So that would apply to long term capital gains and qualified dividends that right now have preferential rates. Those rates right now are 20%, plus a 3.8%, kicker, if you will, on the net investment income tax. And the proposal is that those rates would stop being preferential, and they would go to the ordinary income rates. So for our top earning taxpayers, those in the top bracket, that would mean if the top bracket jumps to 39.6%, they’d go from what is 20% to 39.6% on those capital gains and qualified dividends—which is a substantial tax increase.
That’s supposed to be for taxpayers with adjusted gross income over $1 million, and right now, the way that it read in the Green Book is that that will be retroactive to the date of the announcement and 2021, meaning we don’t know for sure, but that could mean the budget transmittal date, which was May 28, 2021, or the date the American Families Plan was released, which was April 28, 2021.
Unfortunately, what that does is take away our ability to plan for it. So if we thought this was going to be effective 1/1/22, we might take some steps to recognize gains that would, you know, if we thought we were going to recognize them in ‘22, we’d want to expedite the recognition or realization of those gains. A lot of folks that are looking at mergers and acquisitions, possibly selling their businesses—it might be too late now to try and, you know, make that sale occur before year-end. But then again, we don’t know what’s really going to happen. It might wind up being effective, 1/1/22. That’s kind of like the best case scenario. So there’s—it’s not that there’s not planning it’s it’s more like, what do you think might happen?
And rolling the dice a little bit.
Yeah, that makes sense. One thing that seems to me, and you can correct me if I’m wrong, is that the one strategy may become more valuable—and that is loss harvesting. If rates go significantly higher than those carry forward losses, and losses that you might realize this year, became that much more valuable, is that not correct?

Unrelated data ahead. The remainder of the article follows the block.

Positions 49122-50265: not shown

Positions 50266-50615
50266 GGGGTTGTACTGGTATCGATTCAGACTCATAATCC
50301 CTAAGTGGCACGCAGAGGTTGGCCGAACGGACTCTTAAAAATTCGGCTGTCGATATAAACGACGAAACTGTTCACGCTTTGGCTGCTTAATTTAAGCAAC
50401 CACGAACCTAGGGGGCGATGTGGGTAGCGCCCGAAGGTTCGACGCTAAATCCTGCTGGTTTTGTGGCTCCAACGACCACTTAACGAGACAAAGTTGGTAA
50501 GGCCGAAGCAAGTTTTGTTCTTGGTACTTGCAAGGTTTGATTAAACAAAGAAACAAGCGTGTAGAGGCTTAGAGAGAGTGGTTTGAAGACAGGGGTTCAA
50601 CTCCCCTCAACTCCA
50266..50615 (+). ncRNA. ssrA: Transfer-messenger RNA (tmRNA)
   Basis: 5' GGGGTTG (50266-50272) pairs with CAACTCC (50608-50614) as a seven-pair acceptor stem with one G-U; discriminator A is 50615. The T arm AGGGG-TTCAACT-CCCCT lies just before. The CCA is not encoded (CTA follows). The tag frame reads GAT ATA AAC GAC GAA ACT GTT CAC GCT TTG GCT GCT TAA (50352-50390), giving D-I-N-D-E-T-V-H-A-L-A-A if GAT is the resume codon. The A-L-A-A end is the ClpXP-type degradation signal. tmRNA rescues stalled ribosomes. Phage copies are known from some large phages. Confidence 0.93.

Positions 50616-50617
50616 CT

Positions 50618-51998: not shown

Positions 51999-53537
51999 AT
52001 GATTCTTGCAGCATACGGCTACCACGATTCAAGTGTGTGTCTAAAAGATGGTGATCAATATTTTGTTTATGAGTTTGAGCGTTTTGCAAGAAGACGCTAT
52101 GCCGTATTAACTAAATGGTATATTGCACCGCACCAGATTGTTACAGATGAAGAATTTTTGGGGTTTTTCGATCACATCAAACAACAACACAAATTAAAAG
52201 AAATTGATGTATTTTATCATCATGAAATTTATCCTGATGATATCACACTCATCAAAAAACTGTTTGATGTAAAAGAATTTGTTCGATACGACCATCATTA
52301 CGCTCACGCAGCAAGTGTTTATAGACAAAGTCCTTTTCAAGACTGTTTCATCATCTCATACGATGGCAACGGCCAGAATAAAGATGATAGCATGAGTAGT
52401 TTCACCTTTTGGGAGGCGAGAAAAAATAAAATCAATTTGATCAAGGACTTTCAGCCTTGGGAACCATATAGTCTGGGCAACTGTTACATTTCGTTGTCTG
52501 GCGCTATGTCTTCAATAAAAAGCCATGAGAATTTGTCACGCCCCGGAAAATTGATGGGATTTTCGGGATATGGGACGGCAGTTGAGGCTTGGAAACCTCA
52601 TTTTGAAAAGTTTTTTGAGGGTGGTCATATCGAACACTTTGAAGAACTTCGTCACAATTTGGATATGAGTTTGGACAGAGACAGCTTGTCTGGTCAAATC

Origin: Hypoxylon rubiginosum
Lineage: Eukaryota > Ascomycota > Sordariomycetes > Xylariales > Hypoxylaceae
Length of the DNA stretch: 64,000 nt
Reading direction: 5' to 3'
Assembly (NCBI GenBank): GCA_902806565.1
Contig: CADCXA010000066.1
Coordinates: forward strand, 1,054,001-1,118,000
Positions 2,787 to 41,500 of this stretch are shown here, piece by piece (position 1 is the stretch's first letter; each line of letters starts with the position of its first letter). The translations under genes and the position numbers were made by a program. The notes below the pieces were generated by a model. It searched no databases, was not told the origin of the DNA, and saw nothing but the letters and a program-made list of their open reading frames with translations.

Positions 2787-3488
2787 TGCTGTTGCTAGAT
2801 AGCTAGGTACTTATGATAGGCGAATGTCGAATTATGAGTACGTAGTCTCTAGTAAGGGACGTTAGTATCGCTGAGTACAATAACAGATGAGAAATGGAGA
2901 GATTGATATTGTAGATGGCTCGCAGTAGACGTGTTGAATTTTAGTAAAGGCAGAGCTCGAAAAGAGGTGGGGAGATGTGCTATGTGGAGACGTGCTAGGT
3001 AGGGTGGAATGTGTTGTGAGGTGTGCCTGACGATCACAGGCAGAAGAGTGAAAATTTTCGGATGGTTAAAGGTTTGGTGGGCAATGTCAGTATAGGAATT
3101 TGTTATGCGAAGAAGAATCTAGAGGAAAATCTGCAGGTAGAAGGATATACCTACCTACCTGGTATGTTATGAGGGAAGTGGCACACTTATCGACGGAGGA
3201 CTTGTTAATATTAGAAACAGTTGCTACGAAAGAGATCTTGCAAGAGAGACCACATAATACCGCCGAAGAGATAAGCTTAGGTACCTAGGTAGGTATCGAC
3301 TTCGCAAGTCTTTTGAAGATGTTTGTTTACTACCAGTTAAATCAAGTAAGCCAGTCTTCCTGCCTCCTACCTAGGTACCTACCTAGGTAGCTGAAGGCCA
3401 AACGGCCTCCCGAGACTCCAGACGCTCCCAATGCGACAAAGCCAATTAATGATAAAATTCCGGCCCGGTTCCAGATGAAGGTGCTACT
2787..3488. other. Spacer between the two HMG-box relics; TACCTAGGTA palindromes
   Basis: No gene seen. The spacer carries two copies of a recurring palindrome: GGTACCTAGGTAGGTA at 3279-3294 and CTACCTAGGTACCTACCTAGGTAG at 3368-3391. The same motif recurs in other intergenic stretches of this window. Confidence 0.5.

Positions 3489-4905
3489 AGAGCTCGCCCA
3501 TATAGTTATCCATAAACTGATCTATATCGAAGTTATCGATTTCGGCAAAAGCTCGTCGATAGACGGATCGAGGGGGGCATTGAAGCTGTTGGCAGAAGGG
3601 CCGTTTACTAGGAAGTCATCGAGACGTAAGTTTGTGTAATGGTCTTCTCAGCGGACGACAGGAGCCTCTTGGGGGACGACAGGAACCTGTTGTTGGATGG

Well, depends. So it seems in theory, that that would be correct. But there could be something that says—in the new law that hasn’t been written—that says that carry forward losses are still only going to avail you to a 20% benefit, you know. We can assume that it’ll offset gains, and at the higher rate, but we just don’t know. But in theory, yes, I do think that, you know, harvesting losses, which is a year-end strategy, or really a year-round strategy, you know, while you’re rebalancing a portfolio, will still be valuable. And on a definitely on a going-forward basis, I shouldn’t say definitely, because, again, it’s not written, but it would seem on a going-forward basis, it certainly would benefit us at the higher rate. And hopefully, the carry forward. I do have some clients with some substantial capital loss carry forwards, things that occurred in the 2008 collapse of the market. So you know, there still might be—that might be very valuable, that might suddenly become a very valuable tax asset that wasn’t as valuable before.
Is there anything else sort of, in theory, that may become really something investors should focus on from a tax standpoint?